Saturday, March 28, 2009

Europe at the Crossroads

Europe does not really exist. Despite the best efforts of several generations of politicians to create a strong sense of a united Europe, it remains a fragmented, divided and often difficult place. Made worse, at least at the moment, by the political theatre being played out against a back drop of real hardship and squalor.

Poverty is growing in Europe. In part this is because many were in transition still from a former Soviet style economy to a more market driven economy and are now in the process of finding that they are living in a growingly socialist Europe. The rules that were in force just a year ago are no longer the rules of the game and this has caught many out, leaving them homeless, without work and in poverty. But it is also a consequence of the “green” policies forced on many countries by the European Union – policies that have increased energy costs and the number of people who now live in energy poverty.

It is also a very divisive place. The free movement of labour has meant that many of the “new” workers in Britain, for example, are from Poland, France and Germany have been, for many years, dependent on immigrant labour. At a time of high unemployment, this creates some tensions. There have been street protests in Britain demanding “British jobs for British workers”. Holland has found the growth of its muslim population difficult to deal with – it has led to racially motivated protests and assassinations.

Corruption is also rife. The black economy has grown in Europe as the complexity of over-regulated and over-taxed business has got too much for many, who have taken to doing work for cash in a large and very effective underground economy. Corruption is also present in the work of government, especially the commission – the auditors of the EU have refused to sign off the accounts for several years on the grounds that many of the funds allocated to activities are not fully accounted for.

There is a lot of cynicism. When countries were voting on the new EU constitution, it was defeated by a vote in Ireland. The EU has proceeded as if this did not matter and has enacted many, though not all, of the provisions of the constitution without a clear mandate to do so. There has been cynical manipulation of issues, especially the green agenda, for purely political purposes and the people of Europe are, in general, sick of it. There is waste, duplicity, duplication, denial and many other challenges, but by far the most serious is the lack of trust and palpable cynicism about the way governments now think about and treat citizens.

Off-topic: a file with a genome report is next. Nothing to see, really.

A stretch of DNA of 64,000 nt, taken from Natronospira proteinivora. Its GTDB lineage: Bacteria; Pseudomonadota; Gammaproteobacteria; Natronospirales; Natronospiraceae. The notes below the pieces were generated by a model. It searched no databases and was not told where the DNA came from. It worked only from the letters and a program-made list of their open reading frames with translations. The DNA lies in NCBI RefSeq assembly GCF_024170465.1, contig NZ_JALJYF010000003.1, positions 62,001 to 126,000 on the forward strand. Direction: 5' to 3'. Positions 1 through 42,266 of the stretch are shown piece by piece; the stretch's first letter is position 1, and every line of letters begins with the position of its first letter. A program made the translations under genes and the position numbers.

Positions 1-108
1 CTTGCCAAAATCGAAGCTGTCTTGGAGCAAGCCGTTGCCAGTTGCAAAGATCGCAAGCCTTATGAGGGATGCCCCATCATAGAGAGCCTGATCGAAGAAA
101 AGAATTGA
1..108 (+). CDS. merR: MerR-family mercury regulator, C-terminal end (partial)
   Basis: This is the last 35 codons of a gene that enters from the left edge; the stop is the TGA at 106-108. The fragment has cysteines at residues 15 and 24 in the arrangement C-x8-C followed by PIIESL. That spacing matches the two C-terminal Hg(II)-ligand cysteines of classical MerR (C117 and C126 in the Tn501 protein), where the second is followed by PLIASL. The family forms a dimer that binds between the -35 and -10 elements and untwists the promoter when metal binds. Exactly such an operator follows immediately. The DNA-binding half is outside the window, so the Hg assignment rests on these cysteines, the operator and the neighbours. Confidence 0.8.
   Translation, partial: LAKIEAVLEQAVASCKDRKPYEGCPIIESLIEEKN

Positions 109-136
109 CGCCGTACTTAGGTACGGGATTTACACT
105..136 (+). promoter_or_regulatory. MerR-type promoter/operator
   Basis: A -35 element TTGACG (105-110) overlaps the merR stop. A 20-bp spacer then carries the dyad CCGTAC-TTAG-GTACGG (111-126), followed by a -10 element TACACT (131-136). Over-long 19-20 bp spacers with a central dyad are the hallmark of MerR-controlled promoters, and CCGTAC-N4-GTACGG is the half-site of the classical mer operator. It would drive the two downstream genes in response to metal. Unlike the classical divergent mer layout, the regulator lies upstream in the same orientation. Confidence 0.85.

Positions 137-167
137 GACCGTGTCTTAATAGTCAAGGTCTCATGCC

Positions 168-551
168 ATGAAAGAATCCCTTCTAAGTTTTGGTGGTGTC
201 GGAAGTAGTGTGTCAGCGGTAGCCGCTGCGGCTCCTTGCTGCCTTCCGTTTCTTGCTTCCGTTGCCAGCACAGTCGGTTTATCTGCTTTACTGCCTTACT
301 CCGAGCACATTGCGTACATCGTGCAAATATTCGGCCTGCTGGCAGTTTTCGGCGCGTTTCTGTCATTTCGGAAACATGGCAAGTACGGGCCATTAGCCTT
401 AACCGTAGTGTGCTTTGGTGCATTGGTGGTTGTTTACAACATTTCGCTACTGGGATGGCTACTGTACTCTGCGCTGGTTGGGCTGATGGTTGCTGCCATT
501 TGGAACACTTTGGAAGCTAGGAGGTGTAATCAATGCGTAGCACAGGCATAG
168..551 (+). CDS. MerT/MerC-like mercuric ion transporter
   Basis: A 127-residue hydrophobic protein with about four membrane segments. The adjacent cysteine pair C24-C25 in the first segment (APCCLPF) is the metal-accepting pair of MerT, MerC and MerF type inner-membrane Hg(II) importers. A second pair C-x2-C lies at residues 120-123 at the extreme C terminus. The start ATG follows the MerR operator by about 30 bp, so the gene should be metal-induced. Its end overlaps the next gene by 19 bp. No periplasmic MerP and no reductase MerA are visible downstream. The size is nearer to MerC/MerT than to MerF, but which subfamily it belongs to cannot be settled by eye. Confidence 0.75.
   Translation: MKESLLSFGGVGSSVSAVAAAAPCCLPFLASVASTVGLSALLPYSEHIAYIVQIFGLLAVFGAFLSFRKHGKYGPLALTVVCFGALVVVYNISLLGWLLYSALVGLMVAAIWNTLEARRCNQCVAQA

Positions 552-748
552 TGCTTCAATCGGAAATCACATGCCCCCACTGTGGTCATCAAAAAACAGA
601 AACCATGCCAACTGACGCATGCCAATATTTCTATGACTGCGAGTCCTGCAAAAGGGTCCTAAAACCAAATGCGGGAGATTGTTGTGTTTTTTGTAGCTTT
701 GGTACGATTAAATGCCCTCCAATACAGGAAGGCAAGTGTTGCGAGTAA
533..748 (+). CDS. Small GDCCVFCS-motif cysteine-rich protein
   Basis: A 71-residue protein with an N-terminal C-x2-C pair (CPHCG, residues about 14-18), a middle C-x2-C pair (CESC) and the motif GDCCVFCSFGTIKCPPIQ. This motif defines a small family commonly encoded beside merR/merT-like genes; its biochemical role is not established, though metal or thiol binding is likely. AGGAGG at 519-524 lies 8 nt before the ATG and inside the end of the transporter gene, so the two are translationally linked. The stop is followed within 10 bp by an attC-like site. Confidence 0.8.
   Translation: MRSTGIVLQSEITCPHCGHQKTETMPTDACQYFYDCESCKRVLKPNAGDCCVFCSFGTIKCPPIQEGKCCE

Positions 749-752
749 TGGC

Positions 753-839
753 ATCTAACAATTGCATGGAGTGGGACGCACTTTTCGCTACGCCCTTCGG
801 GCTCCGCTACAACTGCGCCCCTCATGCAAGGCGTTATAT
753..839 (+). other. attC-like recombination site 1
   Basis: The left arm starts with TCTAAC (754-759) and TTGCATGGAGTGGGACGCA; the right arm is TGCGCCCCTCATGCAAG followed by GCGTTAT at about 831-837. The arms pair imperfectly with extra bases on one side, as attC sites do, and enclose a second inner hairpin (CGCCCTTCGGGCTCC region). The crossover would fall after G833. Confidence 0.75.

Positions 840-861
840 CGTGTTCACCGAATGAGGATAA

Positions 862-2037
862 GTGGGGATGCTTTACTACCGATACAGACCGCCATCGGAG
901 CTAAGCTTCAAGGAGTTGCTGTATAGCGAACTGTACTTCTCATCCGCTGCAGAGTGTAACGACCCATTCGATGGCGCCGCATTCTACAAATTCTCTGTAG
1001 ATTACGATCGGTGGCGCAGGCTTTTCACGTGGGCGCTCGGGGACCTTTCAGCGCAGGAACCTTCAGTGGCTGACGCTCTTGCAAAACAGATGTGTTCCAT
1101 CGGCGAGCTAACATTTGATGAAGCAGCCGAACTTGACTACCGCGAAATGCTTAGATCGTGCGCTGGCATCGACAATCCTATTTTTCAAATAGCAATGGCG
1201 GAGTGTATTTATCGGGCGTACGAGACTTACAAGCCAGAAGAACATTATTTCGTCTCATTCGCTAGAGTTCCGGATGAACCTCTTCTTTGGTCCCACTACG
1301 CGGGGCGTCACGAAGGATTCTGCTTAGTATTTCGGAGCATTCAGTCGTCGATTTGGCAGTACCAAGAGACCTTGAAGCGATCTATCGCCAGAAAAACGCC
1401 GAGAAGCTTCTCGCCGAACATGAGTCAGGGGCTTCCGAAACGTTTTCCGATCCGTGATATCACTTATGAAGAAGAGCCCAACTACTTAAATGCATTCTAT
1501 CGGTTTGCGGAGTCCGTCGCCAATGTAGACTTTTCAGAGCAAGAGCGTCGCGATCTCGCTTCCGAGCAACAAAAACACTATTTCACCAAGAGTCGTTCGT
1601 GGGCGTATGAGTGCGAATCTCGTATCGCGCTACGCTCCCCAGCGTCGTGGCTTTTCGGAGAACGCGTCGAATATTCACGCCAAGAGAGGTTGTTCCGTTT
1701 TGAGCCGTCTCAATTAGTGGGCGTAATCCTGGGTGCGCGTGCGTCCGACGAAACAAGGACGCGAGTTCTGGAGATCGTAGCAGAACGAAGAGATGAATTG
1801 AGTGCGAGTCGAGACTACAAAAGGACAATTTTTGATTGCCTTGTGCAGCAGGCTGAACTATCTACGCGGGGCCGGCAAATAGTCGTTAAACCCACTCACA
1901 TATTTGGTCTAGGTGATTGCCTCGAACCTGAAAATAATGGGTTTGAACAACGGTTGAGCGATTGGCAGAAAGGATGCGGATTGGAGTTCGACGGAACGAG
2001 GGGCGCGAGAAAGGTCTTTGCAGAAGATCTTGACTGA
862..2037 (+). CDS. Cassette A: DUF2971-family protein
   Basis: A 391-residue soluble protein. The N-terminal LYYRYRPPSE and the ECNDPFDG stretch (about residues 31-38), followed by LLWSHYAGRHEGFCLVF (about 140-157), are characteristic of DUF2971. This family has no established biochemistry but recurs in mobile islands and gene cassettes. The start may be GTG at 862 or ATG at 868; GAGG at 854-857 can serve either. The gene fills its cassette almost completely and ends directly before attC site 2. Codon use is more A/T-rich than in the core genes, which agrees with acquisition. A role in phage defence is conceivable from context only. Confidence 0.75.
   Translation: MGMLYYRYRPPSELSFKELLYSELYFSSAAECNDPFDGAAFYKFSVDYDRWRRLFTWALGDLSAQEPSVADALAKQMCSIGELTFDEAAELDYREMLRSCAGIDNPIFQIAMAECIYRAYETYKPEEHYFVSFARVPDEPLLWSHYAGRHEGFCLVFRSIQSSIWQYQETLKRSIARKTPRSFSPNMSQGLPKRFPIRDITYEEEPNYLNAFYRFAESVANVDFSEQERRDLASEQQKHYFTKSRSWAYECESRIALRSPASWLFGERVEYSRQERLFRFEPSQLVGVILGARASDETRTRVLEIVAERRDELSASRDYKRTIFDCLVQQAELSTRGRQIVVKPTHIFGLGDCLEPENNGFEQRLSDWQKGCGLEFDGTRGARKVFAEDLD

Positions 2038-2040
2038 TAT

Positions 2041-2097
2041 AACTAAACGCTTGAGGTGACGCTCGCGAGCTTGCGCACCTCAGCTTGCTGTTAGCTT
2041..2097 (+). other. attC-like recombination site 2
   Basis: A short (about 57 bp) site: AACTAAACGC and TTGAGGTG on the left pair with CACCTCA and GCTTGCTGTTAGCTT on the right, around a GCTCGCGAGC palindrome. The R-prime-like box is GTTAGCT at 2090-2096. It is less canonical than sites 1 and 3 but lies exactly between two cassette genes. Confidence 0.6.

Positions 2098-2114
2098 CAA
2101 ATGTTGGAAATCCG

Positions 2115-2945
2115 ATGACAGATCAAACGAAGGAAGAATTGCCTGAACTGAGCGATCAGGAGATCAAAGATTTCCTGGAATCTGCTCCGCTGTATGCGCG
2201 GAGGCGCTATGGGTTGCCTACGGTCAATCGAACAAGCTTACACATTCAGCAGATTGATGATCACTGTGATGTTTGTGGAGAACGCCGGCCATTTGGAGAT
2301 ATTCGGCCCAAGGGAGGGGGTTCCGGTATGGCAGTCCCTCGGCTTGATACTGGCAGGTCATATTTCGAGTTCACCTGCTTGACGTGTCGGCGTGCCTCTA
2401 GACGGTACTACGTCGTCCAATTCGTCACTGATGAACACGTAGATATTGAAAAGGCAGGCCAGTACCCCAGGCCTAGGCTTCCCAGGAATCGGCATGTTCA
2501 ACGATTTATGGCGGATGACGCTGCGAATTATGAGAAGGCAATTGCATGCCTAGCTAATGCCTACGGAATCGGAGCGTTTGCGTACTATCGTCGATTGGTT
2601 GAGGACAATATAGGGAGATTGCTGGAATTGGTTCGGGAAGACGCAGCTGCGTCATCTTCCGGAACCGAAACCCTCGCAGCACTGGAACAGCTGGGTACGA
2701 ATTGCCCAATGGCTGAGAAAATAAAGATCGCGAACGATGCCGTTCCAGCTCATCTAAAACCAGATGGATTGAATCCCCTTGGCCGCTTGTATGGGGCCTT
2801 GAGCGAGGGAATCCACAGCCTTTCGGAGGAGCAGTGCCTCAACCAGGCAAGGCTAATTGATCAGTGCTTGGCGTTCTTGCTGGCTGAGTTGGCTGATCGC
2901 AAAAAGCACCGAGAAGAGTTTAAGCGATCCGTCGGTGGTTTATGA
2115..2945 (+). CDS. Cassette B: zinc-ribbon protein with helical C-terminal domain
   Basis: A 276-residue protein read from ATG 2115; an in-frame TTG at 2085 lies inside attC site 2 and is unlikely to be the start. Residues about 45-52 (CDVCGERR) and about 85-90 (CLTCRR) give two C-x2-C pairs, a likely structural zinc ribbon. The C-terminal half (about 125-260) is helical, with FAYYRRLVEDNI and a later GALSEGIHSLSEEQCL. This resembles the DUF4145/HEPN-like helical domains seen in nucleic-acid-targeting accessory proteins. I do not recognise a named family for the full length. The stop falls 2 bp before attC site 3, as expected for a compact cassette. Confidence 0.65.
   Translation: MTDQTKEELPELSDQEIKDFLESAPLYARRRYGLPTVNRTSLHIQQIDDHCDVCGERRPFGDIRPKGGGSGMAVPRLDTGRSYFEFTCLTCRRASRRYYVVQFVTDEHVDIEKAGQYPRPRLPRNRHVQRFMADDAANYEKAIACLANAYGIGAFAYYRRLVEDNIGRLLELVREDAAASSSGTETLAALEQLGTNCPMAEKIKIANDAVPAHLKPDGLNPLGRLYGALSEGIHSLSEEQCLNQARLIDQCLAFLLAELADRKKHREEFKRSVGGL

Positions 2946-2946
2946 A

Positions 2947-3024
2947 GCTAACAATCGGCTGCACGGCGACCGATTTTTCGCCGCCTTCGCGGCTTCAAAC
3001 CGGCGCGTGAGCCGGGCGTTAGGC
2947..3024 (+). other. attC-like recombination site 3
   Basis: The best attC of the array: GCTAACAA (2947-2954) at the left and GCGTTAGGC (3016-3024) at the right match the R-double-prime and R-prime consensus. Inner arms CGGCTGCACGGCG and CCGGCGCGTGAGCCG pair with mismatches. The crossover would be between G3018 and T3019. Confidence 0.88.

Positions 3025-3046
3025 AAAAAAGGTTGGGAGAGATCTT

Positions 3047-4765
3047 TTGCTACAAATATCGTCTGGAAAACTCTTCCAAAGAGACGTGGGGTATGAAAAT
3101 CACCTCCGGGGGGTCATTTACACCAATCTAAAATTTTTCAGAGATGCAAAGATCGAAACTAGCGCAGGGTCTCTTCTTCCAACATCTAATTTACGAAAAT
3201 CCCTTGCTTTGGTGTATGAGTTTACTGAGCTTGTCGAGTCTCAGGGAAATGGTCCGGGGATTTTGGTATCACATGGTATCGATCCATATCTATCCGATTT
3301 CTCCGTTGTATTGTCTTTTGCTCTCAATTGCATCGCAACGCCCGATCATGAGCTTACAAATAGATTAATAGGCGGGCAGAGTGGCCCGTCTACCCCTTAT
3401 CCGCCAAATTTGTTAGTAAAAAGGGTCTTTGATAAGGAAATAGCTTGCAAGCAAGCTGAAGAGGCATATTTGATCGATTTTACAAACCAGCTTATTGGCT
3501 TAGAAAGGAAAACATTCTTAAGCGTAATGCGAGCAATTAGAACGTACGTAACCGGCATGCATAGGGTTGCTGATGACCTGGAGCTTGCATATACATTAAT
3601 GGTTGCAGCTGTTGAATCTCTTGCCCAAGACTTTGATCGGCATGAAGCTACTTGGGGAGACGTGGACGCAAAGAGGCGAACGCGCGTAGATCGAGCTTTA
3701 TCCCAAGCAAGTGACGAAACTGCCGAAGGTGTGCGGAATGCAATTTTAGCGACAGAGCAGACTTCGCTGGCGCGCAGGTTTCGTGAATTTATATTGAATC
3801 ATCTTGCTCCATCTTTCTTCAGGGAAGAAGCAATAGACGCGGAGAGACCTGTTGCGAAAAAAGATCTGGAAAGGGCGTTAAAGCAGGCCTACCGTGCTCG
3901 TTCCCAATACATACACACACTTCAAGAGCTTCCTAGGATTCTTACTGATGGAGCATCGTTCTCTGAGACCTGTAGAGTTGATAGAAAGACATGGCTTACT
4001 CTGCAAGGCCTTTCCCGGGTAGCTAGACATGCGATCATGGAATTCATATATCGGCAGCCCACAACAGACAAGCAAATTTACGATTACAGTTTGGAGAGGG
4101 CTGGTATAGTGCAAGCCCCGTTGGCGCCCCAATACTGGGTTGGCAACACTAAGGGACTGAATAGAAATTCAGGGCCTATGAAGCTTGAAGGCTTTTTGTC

Then there is the gao between the rhetoric of Europe and the reality. Europe is commited to Kyoto, but does little about it. Europe is committed to eliminating poverty within the EU twenty seven member countries, but it increases. Europe is committed to transparency, but it is really difficult for ordinary citizens to find out what is happening. The disdain for politics is widespread and the lack of engagement of people in their European parliament is an example of this.

All of this shows itself in protests marches, small acts of defiance against EU regulations (of which there are legion), editorial columns in the media and law suits taken by individual citizens trying to stop the machine from rolling over them.

It also shows itself in the refusal of governments, especially France, to obey rulings of the EU commission – leading to defiance of orders from the European Court. Such defiance leads to fines, which they also do not pay each time they are handed down. Another source of cynicism.

These tensions and difficulties are writ large right now, as Europe lurches from one crisis to another. This week it is Ukraine, technically now bankrupt having defaulted on its IMF arrangements. Next week it will be the real disagreement of the European members at the G20 summit – it will be “papered” over, but the differences and disagreements are nonetheless real.

When Europe discovers the implications of the current round of “stimulus” spending for the debt levels of Europe and the requirement to cut programs and increase taxation, finger pointing and blame will be commonplace. Ireland already has debt equivalent to 11% of GDP and it has lost a major employer – Dell, which accounted for one in six jobs in Ireland. Spending stimulus money with a lowered tax base will lead to significant program cuts – politically difficult. This is why Germany is backing away from spending more and from “bail out” funds for struggling industries.

This will translate into significant reductions in social spending and increased consumption taxes, which is why the EU as a whole is angry about the UK’s decision to cut VAT (the equivalent of GST in Canada). I suspect that some fundamental questions will also be asked about Europe and its future. The fact that it is truly leaderless and disjointed will make the EU vulnerable. It will be an interesting place to keep an eye on.

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